9. Eiffel Peak Hike (Difficult Moraine Lake Hikes)
Distance: 11.3 kilometers (7.02miles) return
Time: 4 -5 hours round trip
Elevation Gain: 1,270 meters (4166 feet)
The Eiffel Peak hike is 11.3 kilometers in length (round trip), but is known to be a bit of a beast with an elevation gain of 1,270 meters, so you’ll need to give yourself plenty of time to complete it. Experienced hikers and scramblers recommend at least six hours to complete this route, so be sure to set off early.
The last 40 meters of elevation are some of the most difficult and steep to scramble, however once you’re past the final hurdle, the views of layered mountains – the Ten Peaks, Babel Temple and beyond – are breathtaking. You can also sign at the summit register under a large cairn.
The route heads straight where the Larch Valley Trail bends off the right, so look out for the signpost. The path extends out to Eiffel Lake, from which you can extend the hike even further with an additional 4.1 kilometers towards Wenkchemna Pass, which dips into neighboring Yoho National Park.
10. The Perren Route (Difficult Moraine Lake Hike)
Distance: 7 kilometers (4.34 miles) return
Time: 5 – 12 hours round trip
Elevation Gain: 1219.2 meters (4000 feet)
The Perren Route takes hikers from Moraine Lake up to the Neil Colgan Hut. Some hikers estimate that this hike takes between five to six hours, but others estimate as many as 12 hours! This is definitely a rock climb, not a hike and I would not recommend it unless you are an experienced scrambler or rock climber.
The trail starts at Moraine Lake, passing the Larch Valley Trail, Mount Temple Scramble and Eiffel Peak hike. Once you reach the end of the lake, you must cross a stream using cables and then follow a trail that turns into a scramble through talus, following the cairns leading the way. You will need to be fully equipped with hiking and scrambling gear to take on the Perren Route.
Things to Know Before You Go – Moraine Lake Hikes
Be Mindful of Wildlife
Moraine Lake is known as a hotspot for grizzly bears, so be aware and alert while you’re hiking. Hike in groups of four or more for safety and carry bear spray. There can also be large and pesky mosquitos about in the summer months (the worst times are between early July and mid-August), so make sure you spray plenty of repellent to avoid nasty bites.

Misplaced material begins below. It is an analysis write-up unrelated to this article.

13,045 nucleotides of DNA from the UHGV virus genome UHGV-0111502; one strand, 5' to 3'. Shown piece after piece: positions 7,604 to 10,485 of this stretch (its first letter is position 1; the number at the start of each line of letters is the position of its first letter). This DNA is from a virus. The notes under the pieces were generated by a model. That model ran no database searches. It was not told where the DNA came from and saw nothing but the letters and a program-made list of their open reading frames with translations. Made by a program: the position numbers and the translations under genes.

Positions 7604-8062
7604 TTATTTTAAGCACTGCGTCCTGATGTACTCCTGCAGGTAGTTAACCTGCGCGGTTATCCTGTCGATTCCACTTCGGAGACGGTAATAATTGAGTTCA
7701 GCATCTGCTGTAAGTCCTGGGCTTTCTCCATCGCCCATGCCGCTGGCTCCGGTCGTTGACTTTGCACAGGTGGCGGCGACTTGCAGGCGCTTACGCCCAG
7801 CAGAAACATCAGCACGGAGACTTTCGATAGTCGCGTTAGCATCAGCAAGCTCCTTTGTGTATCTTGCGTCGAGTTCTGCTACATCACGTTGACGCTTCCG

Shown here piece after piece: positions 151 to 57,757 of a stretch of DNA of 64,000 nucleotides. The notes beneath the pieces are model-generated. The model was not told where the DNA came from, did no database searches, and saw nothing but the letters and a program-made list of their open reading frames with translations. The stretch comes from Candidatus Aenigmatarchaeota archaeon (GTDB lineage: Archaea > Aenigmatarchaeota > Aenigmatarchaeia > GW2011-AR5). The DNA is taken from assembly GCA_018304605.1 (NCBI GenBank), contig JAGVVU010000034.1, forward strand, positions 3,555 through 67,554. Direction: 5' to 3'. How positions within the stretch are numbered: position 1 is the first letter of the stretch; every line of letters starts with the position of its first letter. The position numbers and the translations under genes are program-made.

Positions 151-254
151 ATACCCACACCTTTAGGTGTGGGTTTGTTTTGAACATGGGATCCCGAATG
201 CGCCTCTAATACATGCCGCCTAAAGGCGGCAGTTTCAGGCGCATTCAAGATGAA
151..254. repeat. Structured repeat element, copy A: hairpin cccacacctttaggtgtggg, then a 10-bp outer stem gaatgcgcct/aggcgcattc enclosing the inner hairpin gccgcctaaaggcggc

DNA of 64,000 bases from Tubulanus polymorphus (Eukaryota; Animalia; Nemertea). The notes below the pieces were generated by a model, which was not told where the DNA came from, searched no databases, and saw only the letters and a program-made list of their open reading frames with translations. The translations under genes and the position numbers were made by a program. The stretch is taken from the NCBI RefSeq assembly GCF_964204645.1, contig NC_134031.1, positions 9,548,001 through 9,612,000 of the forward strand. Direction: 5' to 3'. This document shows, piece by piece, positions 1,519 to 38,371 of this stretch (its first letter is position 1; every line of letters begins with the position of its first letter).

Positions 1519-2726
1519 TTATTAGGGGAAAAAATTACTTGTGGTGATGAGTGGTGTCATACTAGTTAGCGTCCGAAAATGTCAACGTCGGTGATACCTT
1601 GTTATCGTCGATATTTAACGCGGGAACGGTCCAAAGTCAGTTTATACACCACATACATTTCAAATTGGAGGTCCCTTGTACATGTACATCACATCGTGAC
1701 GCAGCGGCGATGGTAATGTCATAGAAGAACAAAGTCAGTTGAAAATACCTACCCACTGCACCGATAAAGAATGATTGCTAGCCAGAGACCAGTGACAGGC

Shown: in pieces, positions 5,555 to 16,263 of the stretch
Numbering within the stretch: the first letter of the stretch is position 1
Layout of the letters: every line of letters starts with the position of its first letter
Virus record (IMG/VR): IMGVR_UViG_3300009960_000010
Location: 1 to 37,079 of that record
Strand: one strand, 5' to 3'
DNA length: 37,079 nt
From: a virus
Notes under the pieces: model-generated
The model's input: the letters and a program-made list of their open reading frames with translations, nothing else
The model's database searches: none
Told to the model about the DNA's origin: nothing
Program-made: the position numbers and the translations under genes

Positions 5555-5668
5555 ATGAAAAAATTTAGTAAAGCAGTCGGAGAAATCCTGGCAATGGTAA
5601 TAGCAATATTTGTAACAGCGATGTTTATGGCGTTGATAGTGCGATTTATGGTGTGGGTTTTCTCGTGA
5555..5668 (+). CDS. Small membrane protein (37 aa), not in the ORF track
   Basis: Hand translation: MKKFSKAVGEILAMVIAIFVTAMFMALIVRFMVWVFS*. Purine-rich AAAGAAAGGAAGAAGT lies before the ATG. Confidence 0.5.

Moraine Lake Hikes Closures
Always check ahead to make sure Moraine Lake’s hiking trails are open before you set off, as sometimes there can be last-minute closures due to bears. Some trails are also seasonal and with new Covid-related restrictions, there may be quick-changing guidelines or limits on the number of visitors in the place.
During later summer and early fall, Banff National Park suffers from wildfires, which causes smoke in the air. This is not very noticeable but can obscure the stunning views.
Moraine Lake Hikes Parking
Moraine Lake is very popular and therefore parking can be a problem. It’s best to arrive as early as possible to secure a parking space or to visit much later in the day.
Note: There are usually shuttle buses between Lake Louise and Moraine Lake, which must be booked online in advance (when the 150 spaces at Moraine Lake Parking Lot are full, traffic can be redirected to the Lake Louise Overflow Parking Lot anyway). These operate from 6 am to 4 pm and cost CAD10 each way. There are also seasonal shuttle buses that run from the town of Banff. However, due to COVID restrictions, these shuttle buses aren’t always running, so you may need to arrange your own transport or book a tour bus. Check beforehand if you’re unsure.
Other Things to Do at Moraine Lake
If you’re tired out from walking, hiking is not the only option for exploring Moraine. There is a canoe rental place on the far side of the lake, near Moraine Lake Lodge, though renting can be expensive. Swimming in the lake is not permitted. You can also book a Candian Rocky Mountains Helicopter ride that includes an exploration hike. Book your helicopter and hike tour here.
Other Moraine Lake Hikes and Banff National Park
Of course, there are plenty of other hiking trails in the area, not only around Moraine Lake but in Banff National Park in general. Do you have any other trails you believe should be included on this list or do you have any top tips and hiking hacks for trekking the many trails around Moraine Lake? Or did you find the range of different hikes and information here helpful for planning your Banff trip? Let us know in the comments below.